New Delhi, India (CNN) -- The last member of an ancient tribe that has inhabited an Indian island chain for around 65,000 years has died, a group that campaigns for the protection of indigenous peoples has said.
Boa Sr, who was around 85 years of age, died last week in the Andaman islands, about 750 miles off India's eastern coast, Survival International said in a statement.
The London-based group, which works to protect indigenous peoples, said she was the last member of one of ten distinct Great Andamanese tribes, the Bo.
"The Bo are thought to have lived in the Andaman islands for as long as 65,000 years, making them the descendants of one of the oldest human cultures on earth," it noted.
With her passing at a hospital, India also lost one of its most endangered languages, also called Bo, linguists say.
"She was the last speaker of (the) Bo language. It pains to see how one by one we are losing speakers of Great Andamanese and (their) language is getting extinct. (It is) A very fast erosion of (the) indigenous knowledge base, that we all are helplessly witnessing," read an obituary in Boa Sr's honor posted on the Web site of the Vanishing Voices of the Great Andamanese (VOGA) project.
Project director Anvita Abbi, a professor at New Delhi's Jawaharlal Nehru University, met with Boa as recently as last year. "She was the only member who remembered the old songs," Abbi recounted in her obituary.
"Boa Sr was the only speaker of Bo and had no one to converse with in that language," Abbi told CNN. Her husband and children had already died, the linguist said.
Other than Bo, she also knew local Andaman languages, which she would use to converse, according to Abbi.
Boa Sr was believed to be the oldest of the Great Andamanese, members of ten distinct tribes. Survival International estimates there are now just 52 Great Andamanese left.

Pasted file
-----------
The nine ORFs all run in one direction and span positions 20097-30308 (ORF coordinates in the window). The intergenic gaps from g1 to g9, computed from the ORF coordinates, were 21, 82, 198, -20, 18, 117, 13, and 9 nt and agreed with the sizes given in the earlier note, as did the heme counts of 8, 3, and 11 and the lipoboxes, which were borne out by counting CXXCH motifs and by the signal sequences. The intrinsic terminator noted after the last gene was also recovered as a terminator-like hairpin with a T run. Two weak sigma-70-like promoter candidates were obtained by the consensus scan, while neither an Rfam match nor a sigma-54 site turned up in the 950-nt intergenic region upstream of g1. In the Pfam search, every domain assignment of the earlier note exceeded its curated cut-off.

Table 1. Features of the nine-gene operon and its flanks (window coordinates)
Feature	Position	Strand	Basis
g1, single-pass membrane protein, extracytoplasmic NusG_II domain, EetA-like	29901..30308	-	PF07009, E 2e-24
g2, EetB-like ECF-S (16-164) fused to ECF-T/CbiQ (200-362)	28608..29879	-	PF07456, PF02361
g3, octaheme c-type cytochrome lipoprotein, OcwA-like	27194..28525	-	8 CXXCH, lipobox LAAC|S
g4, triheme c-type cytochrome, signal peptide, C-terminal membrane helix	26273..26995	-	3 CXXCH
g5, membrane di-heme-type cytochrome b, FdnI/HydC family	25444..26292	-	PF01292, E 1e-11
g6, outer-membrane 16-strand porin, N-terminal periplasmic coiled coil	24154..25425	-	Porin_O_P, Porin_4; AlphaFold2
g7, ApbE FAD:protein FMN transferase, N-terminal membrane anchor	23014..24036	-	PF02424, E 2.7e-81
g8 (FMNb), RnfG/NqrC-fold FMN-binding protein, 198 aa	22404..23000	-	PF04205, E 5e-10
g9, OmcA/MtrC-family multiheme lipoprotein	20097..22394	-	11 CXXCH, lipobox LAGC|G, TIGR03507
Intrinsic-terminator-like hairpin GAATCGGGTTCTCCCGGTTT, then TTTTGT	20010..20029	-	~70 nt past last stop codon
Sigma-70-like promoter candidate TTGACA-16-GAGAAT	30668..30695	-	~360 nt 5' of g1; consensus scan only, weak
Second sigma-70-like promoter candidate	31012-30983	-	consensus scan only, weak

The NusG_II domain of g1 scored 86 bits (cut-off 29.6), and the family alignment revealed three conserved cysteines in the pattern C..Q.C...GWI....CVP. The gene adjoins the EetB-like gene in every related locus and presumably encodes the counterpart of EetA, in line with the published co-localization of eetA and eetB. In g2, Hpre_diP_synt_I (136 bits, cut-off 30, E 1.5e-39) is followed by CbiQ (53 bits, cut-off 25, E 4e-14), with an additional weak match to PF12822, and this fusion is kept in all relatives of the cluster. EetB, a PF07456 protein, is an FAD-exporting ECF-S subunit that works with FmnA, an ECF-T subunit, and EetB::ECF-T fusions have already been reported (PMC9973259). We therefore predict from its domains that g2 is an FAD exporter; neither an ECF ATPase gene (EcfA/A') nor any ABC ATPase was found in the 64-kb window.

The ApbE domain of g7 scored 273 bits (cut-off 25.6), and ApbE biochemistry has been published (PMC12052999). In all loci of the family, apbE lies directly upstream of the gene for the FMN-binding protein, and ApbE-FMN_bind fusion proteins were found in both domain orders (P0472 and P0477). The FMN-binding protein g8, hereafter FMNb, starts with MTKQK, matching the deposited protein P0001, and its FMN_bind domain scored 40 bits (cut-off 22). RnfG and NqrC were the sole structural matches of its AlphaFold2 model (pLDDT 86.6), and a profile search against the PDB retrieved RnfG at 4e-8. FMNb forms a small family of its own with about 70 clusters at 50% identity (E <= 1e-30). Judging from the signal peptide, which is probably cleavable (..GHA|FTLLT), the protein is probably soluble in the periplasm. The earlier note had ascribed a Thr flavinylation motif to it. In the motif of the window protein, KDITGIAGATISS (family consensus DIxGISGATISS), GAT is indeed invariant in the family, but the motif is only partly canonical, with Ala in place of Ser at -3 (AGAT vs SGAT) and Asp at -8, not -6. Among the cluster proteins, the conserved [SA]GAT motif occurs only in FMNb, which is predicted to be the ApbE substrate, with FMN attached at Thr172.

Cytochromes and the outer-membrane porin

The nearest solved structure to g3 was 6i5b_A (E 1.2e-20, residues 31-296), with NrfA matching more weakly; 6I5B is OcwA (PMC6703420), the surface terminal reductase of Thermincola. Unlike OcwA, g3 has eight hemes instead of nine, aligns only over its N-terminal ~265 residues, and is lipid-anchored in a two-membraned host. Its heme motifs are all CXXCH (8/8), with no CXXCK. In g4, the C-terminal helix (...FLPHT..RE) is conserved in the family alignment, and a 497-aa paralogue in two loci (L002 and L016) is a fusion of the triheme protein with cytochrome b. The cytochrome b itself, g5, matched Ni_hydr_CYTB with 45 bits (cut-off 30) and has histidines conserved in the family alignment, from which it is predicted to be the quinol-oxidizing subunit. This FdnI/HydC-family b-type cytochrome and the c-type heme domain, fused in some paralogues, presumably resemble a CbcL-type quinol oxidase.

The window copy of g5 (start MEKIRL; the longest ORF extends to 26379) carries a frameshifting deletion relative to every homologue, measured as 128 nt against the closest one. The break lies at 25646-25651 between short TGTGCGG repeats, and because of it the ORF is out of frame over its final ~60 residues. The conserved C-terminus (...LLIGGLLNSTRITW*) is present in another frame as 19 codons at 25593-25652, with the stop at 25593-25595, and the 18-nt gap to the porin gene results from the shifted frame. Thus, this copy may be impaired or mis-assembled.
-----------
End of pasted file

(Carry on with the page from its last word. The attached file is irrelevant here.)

There were believed to be 5,000 of them when the British colonized the archipelago in 1858. Most of those tribal communities were subsequently killed or died of diseases, says Survival International.
The British also held the indigenous tribes people captive in what was called an Andaman Home, but none of the 150 children born there survived beyond two years of age, according to the group.
Boa Sr also survived the killer Indian Ocean tsunami in 2004.
She recorded in Bo what she saw when the giant waves arrived. "While we were all asleep, the water rose and filled all around. We did not get up before the water rose. Water filled where we were and as the morning broke the water started to recede," reads a translation of her tsunami narrative posted on the VOGA Web site.
Activists are expressing alarm over her death.
"Boa's loss is a bleak reminder that we must not allow this to happen to the other tribes of the Andaman islands," Survival director Stephen Corry said in the statement. Andaman and Nicobar Islands authorities put at least five tribes in their list of vulnerable indigenous communities.
According to Corry's group, the surviving Great Andamanese depend largely on the Indian government for food and shelter and abuse of alcohol is rife.
Among the tribes are the Sentinelese, who inhabit a 60-square-kilometer island.
Officials believe the group is probably the world's only surviving Paleolithic people without contact with any other community. They said the Sentinelese are very hostile and never leave their Island. Very little is known about them.